Get out there and start shooting coyotes-every ‘yote you take gives a fawn a better chance of surviving it’s first year-the fawn that survives the 2015 fawn drop could be the 12 point hanging on your wall in 3 years.

Hunting ‘yotes makes you a better hunter,they are smart,sneaky,can see,hear,and smell you from a long way off-the better you get at shooting ‘yotes,the better deer hunter you become. Hunting ‘yotes lets you practice more than just shooting skills,it lets you practice your camo and concealment,your scent control,your noise discipline,and your stand/blind placement.

Remember-fewer ‘yotes mean more deer live to the 3-31/2 years it takes to produce a deer with good body weight,which means more meat per deer-and it’s the time it takes for bucks to develop a trophy rack.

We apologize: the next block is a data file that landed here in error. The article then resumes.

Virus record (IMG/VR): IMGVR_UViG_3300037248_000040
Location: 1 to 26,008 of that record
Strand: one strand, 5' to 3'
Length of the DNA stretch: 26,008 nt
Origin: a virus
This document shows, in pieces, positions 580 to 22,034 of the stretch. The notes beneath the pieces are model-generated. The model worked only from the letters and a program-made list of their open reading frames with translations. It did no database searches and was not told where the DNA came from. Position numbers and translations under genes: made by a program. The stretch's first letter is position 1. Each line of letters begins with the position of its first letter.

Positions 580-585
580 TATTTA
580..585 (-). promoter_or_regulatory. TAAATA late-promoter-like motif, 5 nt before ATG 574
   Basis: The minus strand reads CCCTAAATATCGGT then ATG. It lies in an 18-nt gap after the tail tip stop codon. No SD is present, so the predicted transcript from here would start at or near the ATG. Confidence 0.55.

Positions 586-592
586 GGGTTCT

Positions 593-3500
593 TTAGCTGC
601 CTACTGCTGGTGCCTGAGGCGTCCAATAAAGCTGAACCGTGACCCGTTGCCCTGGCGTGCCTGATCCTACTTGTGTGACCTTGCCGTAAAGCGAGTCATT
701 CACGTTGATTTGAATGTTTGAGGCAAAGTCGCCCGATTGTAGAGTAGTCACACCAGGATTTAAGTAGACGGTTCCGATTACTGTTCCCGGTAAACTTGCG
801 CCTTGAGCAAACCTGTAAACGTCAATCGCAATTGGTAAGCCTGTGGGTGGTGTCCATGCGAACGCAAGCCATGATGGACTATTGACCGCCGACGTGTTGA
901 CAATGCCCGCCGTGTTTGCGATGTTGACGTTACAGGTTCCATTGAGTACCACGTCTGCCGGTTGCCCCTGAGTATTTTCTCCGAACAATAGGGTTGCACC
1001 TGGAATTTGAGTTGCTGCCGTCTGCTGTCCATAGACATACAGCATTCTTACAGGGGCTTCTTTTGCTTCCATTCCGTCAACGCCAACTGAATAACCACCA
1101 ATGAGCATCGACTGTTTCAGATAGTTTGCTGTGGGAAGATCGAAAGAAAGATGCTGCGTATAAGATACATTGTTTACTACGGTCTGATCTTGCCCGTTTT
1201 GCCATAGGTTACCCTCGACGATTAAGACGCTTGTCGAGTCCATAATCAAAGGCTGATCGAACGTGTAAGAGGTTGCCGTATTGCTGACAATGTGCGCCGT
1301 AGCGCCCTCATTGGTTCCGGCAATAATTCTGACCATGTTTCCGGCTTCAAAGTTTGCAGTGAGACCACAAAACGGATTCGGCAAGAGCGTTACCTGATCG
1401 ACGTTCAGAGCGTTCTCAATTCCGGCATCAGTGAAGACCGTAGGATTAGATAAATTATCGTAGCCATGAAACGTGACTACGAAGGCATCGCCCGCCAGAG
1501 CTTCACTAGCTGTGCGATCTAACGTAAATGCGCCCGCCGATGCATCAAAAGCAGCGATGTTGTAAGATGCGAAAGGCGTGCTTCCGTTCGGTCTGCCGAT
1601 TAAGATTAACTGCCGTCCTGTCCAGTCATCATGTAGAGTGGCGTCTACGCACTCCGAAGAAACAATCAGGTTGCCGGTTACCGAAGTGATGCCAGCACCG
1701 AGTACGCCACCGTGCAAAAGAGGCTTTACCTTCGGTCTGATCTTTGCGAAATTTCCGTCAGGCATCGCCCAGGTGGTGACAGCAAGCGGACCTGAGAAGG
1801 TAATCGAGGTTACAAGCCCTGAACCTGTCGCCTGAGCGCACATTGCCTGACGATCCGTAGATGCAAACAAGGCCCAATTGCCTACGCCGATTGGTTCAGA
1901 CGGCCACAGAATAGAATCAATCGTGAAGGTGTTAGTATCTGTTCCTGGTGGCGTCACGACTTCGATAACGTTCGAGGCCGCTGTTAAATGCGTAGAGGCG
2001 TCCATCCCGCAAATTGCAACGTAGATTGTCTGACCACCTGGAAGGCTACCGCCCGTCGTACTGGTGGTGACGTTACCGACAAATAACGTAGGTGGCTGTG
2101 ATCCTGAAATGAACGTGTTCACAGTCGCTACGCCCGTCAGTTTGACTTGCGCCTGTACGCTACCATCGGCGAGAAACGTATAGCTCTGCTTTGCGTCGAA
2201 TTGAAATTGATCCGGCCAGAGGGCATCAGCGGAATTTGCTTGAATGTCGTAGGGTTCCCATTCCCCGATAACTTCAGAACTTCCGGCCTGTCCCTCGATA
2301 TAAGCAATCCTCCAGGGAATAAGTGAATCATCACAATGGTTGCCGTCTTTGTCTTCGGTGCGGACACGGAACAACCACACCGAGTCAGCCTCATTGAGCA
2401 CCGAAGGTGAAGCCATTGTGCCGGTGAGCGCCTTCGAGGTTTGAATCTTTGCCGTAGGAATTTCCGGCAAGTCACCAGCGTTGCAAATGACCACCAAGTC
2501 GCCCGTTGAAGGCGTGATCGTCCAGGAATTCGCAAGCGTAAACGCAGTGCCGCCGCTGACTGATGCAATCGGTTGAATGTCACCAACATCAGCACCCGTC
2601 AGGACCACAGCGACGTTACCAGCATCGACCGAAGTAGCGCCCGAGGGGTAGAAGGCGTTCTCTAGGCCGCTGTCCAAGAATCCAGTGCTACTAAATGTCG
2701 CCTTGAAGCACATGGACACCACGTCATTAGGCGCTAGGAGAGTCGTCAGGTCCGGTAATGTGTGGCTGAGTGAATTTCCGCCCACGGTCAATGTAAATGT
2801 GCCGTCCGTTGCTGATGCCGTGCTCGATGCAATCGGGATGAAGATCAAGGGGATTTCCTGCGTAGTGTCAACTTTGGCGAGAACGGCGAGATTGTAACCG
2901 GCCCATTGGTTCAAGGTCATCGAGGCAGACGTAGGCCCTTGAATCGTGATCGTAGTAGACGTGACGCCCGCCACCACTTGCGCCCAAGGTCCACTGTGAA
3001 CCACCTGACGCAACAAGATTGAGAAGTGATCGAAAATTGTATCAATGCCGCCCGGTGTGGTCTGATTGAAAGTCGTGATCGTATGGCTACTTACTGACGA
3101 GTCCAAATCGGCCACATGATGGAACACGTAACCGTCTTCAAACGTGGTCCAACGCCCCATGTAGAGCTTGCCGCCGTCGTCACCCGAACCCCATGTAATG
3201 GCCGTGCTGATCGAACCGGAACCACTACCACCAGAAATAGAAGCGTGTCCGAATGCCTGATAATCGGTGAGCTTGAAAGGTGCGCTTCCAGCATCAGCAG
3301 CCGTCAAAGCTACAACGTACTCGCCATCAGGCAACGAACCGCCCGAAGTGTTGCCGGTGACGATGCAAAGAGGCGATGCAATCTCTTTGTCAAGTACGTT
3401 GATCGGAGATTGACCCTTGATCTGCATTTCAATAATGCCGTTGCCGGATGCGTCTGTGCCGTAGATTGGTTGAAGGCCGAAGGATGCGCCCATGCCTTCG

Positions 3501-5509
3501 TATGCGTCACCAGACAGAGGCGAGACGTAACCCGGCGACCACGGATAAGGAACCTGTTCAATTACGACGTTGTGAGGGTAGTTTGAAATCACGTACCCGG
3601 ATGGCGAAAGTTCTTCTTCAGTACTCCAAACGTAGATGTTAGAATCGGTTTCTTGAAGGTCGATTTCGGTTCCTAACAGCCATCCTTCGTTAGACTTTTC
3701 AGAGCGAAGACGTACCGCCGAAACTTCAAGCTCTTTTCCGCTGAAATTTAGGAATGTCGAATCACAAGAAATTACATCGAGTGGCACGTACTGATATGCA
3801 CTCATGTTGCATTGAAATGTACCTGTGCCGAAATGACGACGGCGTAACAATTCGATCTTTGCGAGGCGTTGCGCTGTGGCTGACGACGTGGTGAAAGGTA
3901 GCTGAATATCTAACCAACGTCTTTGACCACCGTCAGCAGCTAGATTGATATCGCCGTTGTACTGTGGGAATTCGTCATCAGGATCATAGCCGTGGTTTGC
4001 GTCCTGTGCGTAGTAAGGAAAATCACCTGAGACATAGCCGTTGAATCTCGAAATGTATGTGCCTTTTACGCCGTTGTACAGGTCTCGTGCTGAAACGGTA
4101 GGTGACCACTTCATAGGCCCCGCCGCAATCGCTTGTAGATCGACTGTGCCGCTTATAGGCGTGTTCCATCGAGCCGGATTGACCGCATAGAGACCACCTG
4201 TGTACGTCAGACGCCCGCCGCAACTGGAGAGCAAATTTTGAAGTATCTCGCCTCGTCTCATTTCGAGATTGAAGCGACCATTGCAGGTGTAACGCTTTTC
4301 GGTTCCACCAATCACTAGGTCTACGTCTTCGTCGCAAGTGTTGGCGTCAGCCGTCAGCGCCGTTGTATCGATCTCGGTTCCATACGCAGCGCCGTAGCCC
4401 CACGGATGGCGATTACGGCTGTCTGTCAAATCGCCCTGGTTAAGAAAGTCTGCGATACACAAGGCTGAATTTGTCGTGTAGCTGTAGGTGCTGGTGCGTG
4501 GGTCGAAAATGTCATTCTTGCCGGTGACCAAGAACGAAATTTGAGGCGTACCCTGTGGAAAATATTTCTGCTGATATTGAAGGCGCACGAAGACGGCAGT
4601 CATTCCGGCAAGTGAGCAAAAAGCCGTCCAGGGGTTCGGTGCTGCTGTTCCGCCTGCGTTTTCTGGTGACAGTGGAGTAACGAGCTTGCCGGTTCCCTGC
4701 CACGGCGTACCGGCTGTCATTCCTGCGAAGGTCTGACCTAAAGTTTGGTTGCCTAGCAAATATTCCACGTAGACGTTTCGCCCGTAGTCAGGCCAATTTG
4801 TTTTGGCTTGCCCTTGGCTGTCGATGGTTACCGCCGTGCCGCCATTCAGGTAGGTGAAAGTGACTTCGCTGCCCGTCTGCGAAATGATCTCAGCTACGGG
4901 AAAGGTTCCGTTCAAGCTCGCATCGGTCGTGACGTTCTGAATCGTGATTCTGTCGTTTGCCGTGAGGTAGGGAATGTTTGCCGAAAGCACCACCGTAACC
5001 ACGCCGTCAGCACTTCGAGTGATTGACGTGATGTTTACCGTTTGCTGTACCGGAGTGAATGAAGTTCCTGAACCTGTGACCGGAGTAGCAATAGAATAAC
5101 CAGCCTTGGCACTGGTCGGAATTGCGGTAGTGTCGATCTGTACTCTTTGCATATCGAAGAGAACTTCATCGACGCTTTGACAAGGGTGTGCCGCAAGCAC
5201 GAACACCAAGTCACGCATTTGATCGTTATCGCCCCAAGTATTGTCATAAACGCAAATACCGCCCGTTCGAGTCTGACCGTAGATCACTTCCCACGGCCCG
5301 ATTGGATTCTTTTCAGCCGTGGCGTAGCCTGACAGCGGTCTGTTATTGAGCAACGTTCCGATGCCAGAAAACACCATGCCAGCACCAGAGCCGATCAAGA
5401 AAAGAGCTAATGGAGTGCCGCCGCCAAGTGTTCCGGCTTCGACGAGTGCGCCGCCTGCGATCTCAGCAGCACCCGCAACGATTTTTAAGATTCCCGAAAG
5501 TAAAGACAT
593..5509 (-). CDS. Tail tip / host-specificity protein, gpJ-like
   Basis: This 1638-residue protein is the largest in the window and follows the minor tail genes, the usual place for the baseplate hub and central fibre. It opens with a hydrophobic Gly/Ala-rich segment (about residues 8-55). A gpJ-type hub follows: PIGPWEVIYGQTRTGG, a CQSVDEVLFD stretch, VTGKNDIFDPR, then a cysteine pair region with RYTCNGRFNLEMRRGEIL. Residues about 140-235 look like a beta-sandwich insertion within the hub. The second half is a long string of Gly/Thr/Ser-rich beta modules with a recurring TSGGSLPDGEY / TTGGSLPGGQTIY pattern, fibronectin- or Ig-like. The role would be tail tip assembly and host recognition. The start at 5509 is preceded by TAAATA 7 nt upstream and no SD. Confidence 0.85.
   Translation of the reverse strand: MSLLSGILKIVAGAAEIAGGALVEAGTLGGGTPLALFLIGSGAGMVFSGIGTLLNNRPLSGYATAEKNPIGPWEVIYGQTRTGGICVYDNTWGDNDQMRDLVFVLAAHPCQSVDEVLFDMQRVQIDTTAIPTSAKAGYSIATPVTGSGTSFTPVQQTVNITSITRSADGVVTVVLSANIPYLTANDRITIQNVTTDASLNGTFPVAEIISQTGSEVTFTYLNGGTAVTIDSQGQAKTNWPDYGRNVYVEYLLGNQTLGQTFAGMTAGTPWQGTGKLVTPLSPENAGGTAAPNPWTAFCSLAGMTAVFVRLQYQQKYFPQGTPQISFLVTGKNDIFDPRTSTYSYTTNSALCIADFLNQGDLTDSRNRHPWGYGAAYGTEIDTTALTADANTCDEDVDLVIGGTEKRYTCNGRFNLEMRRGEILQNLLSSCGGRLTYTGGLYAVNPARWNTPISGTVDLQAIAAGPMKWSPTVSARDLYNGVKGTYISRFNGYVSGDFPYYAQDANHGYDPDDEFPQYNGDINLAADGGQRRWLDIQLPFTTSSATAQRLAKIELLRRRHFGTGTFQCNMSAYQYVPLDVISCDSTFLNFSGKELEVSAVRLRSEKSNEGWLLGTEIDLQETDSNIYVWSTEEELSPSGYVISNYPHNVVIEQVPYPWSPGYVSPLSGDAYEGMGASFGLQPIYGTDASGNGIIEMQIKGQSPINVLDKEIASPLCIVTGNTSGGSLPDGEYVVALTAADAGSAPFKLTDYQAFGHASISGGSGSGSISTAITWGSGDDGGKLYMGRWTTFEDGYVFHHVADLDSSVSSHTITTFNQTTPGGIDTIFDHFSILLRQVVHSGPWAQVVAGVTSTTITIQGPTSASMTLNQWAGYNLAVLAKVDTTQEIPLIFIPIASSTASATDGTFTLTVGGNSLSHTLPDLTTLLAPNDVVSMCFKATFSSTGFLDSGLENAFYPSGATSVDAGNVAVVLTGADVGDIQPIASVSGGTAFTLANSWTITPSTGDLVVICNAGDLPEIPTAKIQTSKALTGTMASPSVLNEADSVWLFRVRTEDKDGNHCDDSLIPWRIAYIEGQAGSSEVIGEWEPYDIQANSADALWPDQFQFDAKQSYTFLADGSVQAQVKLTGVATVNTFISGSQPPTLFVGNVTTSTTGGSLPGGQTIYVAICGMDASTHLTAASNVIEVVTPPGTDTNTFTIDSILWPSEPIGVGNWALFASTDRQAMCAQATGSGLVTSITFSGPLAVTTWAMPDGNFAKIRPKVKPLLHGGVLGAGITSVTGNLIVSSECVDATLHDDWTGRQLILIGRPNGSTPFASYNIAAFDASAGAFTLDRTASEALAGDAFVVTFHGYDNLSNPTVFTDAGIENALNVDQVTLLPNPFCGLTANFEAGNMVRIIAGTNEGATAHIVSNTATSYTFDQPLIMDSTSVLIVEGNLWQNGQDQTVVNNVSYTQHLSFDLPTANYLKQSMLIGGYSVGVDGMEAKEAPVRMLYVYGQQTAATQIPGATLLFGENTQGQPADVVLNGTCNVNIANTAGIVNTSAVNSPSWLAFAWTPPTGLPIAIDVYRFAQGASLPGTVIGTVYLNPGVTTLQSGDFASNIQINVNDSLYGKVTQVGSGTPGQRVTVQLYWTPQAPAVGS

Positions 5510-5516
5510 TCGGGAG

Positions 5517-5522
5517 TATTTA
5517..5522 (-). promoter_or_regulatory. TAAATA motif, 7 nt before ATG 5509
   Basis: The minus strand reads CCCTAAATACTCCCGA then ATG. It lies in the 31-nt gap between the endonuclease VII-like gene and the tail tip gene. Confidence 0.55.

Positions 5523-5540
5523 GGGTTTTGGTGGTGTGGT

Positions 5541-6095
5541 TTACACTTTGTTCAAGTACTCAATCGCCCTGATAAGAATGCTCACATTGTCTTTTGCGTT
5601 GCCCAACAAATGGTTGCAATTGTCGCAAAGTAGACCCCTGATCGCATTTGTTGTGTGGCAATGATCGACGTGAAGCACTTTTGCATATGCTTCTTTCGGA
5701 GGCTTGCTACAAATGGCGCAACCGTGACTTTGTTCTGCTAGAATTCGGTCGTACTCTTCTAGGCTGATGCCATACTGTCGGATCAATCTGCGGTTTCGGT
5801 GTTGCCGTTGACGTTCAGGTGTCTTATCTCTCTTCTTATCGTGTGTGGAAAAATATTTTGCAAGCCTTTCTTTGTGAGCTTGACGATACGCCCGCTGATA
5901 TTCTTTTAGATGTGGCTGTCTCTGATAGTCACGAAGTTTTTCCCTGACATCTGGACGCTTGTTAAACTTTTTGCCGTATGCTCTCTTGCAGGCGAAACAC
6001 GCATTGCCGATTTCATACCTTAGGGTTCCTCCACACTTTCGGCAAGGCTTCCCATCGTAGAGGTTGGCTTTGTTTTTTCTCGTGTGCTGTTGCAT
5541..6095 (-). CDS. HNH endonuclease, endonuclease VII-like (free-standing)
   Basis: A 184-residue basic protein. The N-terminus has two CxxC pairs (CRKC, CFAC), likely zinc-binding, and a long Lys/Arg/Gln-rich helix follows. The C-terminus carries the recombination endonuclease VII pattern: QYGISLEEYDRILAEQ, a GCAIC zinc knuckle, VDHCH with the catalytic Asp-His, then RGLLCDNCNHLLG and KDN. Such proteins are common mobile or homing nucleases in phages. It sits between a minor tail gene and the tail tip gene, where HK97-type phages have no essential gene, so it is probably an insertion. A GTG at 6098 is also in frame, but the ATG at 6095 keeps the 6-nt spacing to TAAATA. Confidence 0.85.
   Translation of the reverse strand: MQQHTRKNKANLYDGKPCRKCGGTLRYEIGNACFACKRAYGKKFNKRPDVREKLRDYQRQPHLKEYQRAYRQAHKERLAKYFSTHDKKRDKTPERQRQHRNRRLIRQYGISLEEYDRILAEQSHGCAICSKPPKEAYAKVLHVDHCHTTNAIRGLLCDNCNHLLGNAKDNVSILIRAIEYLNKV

Don’t forget,you can save the pelts,sell the fur,and cover your ammo,gas,and gear expenses.




Do More PT !

Totals for all Ohio deer hunting seasons,including archery up to 1/14/2015 are-

2013-14    186,347

2014-15   169,179

That’s a 9.21% drop.

Some of the well known counties that have had a 5,000 deer or so harvest saw drops of 15% or so.

Too many does being harvested,too much coyote predation,along with several localized EHD outbreaks in 2011,2012 and 2013.

Rumor has it that ODNR is going to change the county by county bag limits to WMU’s.

Not sure what good going to wildlife management units will do,the problems are just what I stated-

1) Too many does being harvested for too many years.

2) Coyote predation.

3) EHD outbreaks.

Unless you want to see a double digit reduction in the deer harvest-get out there and start shooting ‘yotes. The wildlife biologists all agree that concentrated efforts at reducing local ‘yote numbers is effective.